Page 1 of 1

Wood Smoke and Asthma

PostPosted: Sat Sep 17, 2016 8:06 pm
by Wilberforce
Wood Smoke and Asthma

Smoke from burning wood or other plants is made up of a complex mixture of harmful gases and small particles, including carbon monoxide, nitrogen oxides, volatile organic compounds (VOCs), dioxin and inhalable particulate matter (PM). PM is the principal pollutant of concern from short-term exposures to wood smoke.

Wood Smoke Health Effects | Top

Most healthy adults and children will recover quickly from smoke exposures. However, certain sensitive groups are more vulnerable to wood smoke effects and may experience more severe symptoms. Sensitive groups include: children, pregnant women, older adults, those with cardiovascular diseases, and those with asthma and other respiratory diseases.

People who have asthma may experience health effects earlier and at lower smoke levels than healthy people. Small PM from wood smoke gets into the respiratory system as well as eyes and sinuses. Breathing in wood smoke and small PM can irritate the lungs of someone with asthma and may lead to an asthma attack. Long-term exposure to wood smoke can lead to reduced lung function.

Follow the link to learn more about wood smoke and health effects.

Tips to Avoid Smoke Exposure

The CDC and EPA recommend the following actions to avoid smoke exposure:
(1) Avoid Burning Wood in Your Home:

Burning wood creates health hazards and pollutes the air. Get the facts and reduce your wood burning for a cleaner, healthier Utah.

Wood burning creates fine particles—tiny, microscopic pieces of pollution that can enter your blood stream and cause breathing and heart problems.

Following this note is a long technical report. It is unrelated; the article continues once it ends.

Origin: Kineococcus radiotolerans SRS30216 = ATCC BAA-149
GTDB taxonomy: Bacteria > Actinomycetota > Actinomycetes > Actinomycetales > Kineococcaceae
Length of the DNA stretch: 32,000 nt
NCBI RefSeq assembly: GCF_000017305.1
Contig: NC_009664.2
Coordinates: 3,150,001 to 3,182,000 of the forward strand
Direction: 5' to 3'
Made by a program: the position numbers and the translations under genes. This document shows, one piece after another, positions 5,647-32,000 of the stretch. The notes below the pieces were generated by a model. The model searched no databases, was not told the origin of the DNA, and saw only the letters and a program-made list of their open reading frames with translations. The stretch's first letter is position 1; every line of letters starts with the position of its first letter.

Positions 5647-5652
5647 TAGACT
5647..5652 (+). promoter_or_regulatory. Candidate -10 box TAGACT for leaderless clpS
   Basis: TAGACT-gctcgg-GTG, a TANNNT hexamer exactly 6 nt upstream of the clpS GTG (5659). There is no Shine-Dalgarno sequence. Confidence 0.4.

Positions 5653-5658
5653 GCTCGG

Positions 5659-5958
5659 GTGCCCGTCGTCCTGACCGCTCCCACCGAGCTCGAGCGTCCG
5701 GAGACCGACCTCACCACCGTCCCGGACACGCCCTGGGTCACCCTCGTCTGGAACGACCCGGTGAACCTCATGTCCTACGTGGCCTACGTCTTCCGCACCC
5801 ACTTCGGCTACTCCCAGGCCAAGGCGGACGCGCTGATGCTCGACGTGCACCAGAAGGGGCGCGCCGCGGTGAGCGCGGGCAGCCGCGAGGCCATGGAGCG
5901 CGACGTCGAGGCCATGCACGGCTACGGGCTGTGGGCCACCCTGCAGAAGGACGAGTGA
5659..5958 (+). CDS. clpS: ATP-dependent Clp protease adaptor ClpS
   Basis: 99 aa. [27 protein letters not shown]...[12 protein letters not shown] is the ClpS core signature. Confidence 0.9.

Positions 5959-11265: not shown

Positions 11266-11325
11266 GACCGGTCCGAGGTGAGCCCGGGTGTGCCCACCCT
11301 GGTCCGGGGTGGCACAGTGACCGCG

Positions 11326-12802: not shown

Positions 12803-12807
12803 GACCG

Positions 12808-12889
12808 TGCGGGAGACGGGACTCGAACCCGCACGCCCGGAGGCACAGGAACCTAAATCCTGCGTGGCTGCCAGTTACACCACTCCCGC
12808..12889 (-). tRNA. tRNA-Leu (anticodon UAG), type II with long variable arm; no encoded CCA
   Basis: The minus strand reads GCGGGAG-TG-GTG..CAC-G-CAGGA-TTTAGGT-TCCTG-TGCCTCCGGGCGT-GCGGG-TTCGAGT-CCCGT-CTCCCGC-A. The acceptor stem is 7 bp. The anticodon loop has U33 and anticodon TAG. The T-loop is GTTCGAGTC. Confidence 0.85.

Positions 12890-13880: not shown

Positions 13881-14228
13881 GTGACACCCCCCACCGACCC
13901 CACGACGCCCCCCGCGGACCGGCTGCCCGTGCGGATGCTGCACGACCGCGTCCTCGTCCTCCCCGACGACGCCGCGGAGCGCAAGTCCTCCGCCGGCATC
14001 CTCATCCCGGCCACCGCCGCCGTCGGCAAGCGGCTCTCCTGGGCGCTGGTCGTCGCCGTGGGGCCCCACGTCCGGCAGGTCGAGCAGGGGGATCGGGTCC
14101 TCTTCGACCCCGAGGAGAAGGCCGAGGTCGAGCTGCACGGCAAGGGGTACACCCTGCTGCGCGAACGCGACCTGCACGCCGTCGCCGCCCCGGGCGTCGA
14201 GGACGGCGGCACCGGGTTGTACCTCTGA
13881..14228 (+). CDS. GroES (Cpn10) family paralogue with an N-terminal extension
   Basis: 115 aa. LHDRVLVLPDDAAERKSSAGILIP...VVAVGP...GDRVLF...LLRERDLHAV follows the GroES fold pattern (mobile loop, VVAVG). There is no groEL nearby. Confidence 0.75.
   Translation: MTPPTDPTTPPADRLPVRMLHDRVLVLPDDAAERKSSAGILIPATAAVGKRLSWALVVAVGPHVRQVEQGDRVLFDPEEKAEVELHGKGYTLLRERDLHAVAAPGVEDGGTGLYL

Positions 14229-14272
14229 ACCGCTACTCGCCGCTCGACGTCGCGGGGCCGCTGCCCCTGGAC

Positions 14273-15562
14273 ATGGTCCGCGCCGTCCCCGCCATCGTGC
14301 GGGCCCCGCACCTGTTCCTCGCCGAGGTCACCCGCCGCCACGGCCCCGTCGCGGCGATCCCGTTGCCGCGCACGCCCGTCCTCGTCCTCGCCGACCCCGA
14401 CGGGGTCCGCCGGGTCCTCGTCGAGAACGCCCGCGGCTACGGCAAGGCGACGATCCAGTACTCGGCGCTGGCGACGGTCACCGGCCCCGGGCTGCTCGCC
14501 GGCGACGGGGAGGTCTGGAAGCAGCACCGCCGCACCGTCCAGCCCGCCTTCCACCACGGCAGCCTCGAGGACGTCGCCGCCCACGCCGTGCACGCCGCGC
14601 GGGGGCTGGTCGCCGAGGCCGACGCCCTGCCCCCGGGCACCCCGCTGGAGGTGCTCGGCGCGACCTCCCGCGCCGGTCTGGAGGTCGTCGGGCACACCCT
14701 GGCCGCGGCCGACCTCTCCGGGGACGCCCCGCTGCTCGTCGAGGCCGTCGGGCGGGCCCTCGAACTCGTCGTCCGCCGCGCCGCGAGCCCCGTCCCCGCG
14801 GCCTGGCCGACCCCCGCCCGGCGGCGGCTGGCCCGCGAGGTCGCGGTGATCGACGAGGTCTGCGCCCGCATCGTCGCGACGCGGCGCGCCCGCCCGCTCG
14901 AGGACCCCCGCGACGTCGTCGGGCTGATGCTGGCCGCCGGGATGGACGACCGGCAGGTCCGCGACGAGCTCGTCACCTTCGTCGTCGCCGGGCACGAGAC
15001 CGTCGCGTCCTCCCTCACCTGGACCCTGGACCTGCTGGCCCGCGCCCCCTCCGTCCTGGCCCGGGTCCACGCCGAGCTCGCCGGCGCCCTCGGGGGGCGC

Health effects include coughing, headaches, eye and throat irritation, asthma attacks, heart attacks and strokes.
On bad air quality days (red or mandatory action days), wood fires are not permitted. However, households that use a wood-burning stove or fireplace as their sole source of heat are permitted to burn.

One fireplace can emit as much particulate pollution as 90 sport utility vehicles.
The pollution from one wood-burning stove is equivalent to the amount emitted from 3,000 gas furnaces producing the same amount of heat per unit (according to the California Air Resource Board).
The particulates in wood smoke are tiny and even doors and windows cannot keep them out. Up to 70 percent of the wood smoke that exits a chimney re-enters nearby homes.

Don't burn wood.
(2) Reduce Sources of Indoor Air Pollution (cigarettes, candles, aerosol sprays)
(3) Pay Attention to Air Quality Forecasts on the radio, TV, internet, and newspapers
(4) Plan Your Outdoor and Physical Activities for when air pollution levels are low.